The education of women in Afghanistan is rapidly expanding into the mainstream political discourse. At the Georgetown University Symposium “Advancing Afghan Women” last week, U.S. Secretary of State John Kerry spoke at length about the importance of empowering women in Afghanistan, citing Womens Annex Foundation Board Member Roya Mahboob as a shining example of the economic potential and long-reaching effects of educating women in Afghanistan.
Kerry spoke candidly about his initial meeting with Roya Mahboob, who is also CEO of Afghan Citadel Software Company and was named one of TIME Magazine’s 100 Most Influential People earlier this year. Mahboob has also overcome the odds through sustainable philanthropy, winning an Afghan government project which utilized her profits to partner with Film Annex, and ultimately provide Internet access to 50,000 girls in Herat, Afghanistan.
The Secretary cited the numerous obstacles that Afghan women such as Mahboob must overcome when pursuing entrepreneurial ventures: “The [local authorities] even pressured her family to close her company. But she, like a lot of the women sitting here and like so many women across Afghanistan, absolutely refused to be intimidated.”
Kerry added: “And we all know that creating opportunities for women is not just the right thing to do. It’s also a strategic necessity.”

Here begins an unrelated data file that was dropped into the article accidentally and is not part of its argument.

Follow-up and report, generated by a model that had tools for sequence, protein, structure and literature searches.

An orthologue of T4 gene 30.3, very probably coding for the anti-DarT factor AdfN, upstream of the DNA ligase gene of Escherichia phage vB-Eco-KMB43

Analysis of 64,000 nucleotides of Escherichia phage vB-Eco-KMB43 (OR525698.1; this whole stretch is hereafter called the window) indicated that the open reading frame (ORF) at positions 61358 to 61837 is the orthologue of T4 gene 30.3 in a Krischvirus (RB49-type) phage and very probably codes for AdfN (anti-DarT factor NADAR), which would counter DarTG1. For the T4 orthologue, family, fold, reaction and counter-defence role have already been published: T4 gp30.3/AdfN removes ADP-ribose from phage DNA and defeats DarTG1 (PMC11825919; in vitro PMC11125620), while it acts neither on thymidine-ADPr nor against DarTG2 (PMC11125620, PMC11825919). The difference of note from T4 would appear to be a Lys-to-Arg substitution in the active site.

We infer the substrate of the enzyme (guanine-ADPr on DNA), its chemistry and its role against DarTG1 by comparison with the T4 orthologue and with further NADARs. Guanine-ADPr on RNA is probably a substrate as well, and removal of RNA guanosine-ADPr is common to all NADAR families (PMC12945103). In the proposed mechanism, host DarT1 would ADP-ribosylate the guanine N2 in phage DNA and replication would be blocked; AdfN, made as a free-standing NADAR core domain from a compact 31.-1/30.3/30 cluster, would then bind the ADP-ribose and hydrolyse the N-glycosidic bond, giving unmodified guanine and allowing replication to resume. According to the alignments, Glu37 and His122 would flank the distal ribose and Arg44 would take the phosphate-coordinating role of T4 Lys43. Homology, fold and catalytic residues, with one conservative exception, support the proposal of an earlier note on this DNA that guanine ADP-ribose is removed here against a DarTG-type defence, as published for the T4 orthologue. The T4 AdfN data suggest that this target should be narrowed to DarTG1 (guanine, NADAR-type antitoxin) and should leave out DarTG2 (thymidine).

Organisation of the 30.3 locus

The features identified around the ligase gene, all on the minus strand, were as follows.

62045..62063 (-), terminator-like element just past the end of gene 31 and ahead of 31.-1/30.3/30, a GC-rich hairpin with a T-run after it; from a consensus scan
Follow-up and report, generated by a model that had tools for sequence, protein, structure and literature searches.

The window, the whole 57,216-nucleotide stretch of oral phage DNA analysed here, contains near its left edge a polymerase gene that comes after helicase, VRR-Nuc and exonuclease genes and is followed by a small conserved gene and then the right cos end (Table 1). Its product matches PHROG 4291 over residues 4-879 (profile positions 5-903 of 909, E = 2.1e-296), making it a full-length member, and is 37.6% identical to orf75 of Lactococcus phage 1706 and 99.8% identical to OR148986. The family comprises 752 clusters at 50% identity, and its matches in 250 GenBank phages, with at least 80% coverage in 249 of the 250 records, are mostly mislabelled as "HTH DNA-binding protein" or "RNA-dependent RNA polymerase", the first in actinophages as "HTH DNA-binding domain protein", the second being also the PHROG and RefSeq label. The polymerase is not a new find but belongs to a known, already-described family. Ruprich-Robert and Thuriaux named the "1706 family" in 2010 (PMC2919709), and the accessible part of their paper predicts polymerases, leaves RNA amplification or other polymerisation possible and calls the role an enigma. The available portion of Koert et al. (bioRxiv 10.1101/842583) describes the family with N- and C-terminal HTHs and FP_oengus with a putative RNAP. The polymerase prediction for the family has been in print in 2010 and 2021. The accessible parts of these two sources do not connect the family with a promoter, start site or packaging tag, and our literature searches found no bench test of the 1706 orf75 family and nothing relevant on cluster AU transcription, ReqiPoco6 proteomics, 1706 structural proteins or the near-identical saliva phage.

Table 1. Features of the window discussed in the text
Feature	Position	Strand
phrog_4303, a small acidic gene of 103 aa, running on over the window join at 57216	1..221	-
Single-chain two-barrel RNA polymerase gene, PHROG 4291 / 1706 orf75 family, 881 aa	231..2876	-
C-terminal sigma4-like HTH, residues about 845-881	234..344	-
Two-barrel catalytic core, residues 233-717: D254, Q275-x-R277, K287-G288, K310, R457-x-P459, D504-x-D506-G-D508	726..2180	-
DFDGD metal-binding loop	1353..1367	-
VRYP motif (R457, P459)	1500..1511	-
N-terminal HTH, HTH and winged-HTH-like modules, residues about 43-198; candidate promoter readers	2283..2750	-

Kerry reiterated Mahboob’s success and further advocated for greater awareness of the issue in a Politico column as well.
The Secretary of State wasn’t the only political figure this week to champion the cause of a more female-inclusive education system in Afghanistan. Former First Lady Laura Bush penned a column in the Washington Post, highlighting what’s truly at stake when it comes to empowering women in Afghanistan, drawing some interesting parallels with our own nation: “We know from our own history — from the Civil War to women’s suffrage and civil rights — how hard and long the path to freedom is. As the people of Afghanistan continue on their own hard path to freedom, they must know that we are with them.”
Since the issue of educating women in Afghanistan first entered the discourse in the early 2000s, the education system and the economy of Afghanistan has made great strides. In 2001, only 900,000 Afghan children were enrolled in school—today, there are nearly 8 million, and over one-third of them are girls; in addition, 60 percent of Afghans today live within an hour of health care services, compared to 9 percent in 2001.
And perhaps most exciting, from an entrepreneurial perspective, is access to information, with 80 percent of Afghan women owning a cell phone—virtually none did back in 2001.
The wide ranging, global benefits of a more educated, empowered female workforce in Afghanistan has never been more clear—or more public. As Roya Mahboob told Newsweek last year, “You have to show everybody that men and women are equal. Women can do something if you allow them. Give them opportunity and they can prove themselves.”